Búsqueda Imágenes Maps Play YouTube Noticias Gmail Drive Más »
Iniciar sesión
Usuarios de lectores de pantalla: deben hacer clic en este enlace para utilizar el modo de accesibilidad. Este modo tiene las mismas funciones esenciales pero funciona mejor con el lector.

Patentes

  1. Búsqueda avanzada de patentes
Número de publicaciónUS6614801 B1
Tipo de publicaciónConcesión
Número de solicitudUS 09/191,501
Fecha de publicación2 Sep 2003
Fecha de presentación13 Nov 1998
Fecha de prioridad13 Nov 1998
TarifaPagadas
También publicado comoEP1129562A1, US7602805, US20040042425, WO2000030320A1
Número de publicación09191501, 191501, US 6614801 B1, US 6614801B1, US-B1-6614801, US6614801 B1, US6614801B1
InventoresGary Parnes
Cesionario originalDigi International Inc.
Exportar citaBiBTeX, EndNote, RefMan
Enlaces externos: USPTO, Cesión de USPTO, Espacenet
Circuits and methods for detecting the mode of a telecommunications signal
US 6614801 B1
Resumen
A method for detecting the mode of a telecommunications signal is provided. The method receives the telecommunications signal and contemporaneously evaluates the telecommunications signal for compliance with at least two signal modes. When the evaluation indicates that the signal conforms to a first mode, the signal is processed as a first mode signal. When the evaluation indicates that the signal conforms to a second mode, the signal is processed as a second mode signal.
Imágenes(5)
Previous page
Next page
Reclamaciones(35)
What is claimed is:
1. A method, comprising:
receiving a telecommunications signal, including:
extracting a group of eight bits from the telecommunications signal, the group of eight bits including seven least-significant bits;
loading the group of eight bits into a 64K buffer suitable for use in identifying a 64K HDLC mode; and
loading the seven least-significant bits into a 56K buffer suitable for use in identifying a 56K HDLC mode;
contemporaneously evaluating the telecommunications signal for compliance with at least two signal modes including using the group of eight bits in the 64K buffer to identify the 64K HDLC mode and using the seven least-significant bits in the 56K buffer to identify the 56K HDLC mode;
when the evaluation indicates that the signal conforms to the 64K HDLC mode, processing the signal as a 64K HDLC mode signal; and
when the evaluation indicates that the signal conforms to the 56K HDLC mode, processing the signal as a 56K HDLC mode signal.
2. The method of claim 1, and further comprising when the evaluation indicates that the signal does not conform to the 64K HDLC mode or the 56K HDLC mode, processing the signal as a third, different mode signal.
3. The method of claim 2, wherein contemporaneously evaluating the telecommunications signal for compliance with at least two signal modes comprises evaluating the telecommunications signal for up to 2 seconds.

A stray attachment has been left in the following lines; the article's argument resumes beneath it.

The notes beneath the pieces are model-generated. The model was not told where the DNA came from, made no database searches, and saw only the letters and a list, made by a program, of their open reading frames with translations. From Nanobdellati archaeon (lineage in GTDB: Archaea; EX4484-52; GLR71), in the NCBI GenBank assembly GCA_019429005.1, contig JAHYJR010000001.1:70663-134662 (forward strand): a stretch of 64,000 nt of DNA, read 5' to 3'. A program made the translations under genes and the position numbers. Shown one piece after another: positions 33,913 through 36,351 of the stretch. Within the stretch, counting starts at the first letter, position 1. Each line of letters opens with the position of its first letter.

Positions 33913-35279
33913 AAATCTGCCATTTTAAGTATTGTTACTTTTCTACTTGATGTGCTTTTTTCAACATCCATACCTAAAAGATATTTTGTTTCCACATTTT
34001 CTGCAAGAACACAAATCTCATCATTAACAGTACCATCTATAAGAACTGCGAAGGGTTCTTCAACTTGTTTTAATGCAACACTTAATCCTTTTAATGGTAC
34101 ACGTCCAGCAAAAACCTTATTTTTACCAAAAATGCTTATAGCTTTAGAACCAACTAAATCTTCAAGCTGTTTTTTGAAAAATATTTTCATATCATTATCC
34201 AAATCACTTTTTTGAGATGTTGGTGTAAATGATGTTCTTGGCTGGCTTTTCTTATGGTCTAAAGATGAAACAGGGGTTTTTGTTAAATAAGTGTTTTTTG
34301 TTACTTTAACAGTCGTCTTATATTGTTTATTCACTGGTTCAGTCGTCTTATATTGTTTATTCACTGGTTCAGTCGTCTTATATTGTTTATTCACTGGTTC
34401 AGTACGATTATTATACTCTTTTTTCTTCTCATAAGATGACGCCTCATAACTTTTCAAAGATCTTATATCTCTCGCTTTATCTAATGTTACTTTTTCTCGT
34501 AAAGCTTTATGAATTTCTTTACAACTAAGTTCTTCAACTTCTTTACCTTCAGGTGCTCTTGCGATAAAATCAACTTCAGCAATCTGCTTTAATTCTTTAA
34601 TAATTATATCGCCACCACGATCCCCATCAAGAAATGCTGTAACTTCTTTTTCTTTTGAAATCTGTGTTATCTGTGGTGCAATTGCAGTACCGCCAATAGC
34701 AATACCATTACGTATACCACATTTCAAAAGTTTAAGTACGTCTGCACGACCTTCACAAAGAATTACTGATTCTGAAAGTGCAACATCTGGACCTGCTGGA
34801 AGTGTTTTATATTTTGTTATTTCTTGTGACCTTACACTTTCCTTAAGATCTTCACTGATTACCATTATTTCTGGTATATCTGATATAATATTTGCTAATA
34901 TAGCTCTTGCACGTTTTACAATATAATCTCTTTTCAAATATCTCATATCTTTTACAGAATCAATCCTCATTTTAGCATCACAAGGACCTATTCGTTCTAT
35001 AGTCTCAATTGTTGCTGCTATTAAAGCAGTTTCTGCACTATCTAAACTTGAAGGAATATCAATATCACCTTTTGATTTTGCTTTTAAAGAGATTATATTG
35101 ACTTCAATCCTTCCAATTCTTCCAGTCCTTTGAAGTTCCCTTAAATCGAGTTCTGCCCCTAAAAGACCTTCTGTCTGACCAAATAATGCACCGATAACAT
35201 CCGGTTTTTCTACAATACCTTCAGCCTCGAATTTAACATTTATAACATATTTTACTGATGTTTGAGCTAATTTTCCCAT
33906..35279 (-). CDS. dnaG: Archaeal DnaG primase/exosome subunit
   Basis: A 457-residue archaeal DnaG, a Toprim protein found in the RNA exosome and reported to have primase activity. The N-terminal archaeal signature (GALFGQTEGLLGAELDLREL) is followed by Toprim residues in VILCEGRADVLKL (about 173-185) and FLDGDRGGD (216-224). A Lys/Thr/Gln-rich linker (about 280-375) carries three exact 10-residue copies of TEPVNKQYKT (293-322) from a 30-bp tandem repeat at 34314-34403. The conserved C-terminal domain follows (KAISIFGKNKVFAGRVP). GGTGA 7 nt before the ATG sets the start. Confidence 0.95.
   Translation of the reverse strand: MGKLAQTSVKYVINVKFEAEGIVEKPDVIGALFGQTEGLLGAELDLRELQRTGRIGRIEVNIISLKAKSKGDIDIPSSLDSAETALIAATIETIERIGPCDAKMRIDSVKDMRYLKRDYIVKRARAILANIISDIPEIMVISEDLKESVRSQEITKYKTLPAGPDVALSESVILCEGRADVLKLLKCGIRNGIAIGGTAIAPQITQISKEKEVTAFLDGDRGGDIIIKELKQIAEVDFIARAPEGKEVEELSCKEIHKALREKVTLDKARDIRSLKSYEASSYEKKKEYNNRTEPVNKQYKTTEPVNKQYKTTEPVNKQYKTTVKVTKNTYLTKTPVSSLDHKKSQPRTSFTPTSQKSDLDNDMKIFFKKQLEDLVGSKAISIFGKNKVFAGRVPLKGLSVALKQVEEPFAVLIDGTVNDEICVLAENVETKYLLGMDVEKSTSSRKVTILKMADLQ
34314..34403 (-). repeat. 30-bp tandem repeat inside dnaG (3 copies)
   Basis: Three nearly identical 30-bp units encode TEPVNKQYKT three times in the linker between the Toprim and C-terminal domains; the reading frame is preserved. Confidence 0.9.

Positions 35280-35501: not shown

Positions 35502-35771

4. The method of claim 1, wherein contemporaneously evaluating the telecommunications signal for compliance with at least two signal modes comprises generating a score for the at least two signal modes.
5. The method of claim 4, wherein generating a score comprises adding a point to the score for a mode when a flag is detected.
6. The method of claim 4, wherein generating a score comprises subtracting points from a score for a mode when an erroneous or aborted data frame is detected.
7. The method of claim 1, wherein contemporaneously evaluating the telecommunications signal for compliance with at least two signal modes comprises identifying the mode of the telecommunications signal when an error-free frame is decoded under one of the first and second modes.
8. The method of claim 1, wherein contemporaneously evaluating the telecommunications signal for compliance with at least two signal modes comprises calling a test function for use in identifying the 64K HDLC mode using the group of eight bits in the 64K buffer, and identifying the 56K HDLC mode using the seven least-significant bits in the 56K buffer.
9. The method of claim 1, wherein contemporaneously evaluating the telecommunications signal for compliance with at least two signal modes comprises:
generating a score for first and second signal modes;
when the score for the first signal mode exceeds a threshold, indicating that the telecommunications signal conforms to the first signal mode; and
when the score for the second signal mode exceeds a threshold for the second signal mode and the score for the second signal mode exceeds the score for the first signal mode by a selected amount, indicating that the telecommunications signal conforms to the second signal mode.
10. A method, comprising:
receiving the telecommunications signal, including:
extracting a first group of bits from the telecommunications signal, the first group of bits including a second group of bits;
loading the first group of bits into a first buffer suitable for use in determining a first HDLC signal mode;
loading the second group of bits into a second buffer suitable for use in determining a second HDLC signal mode;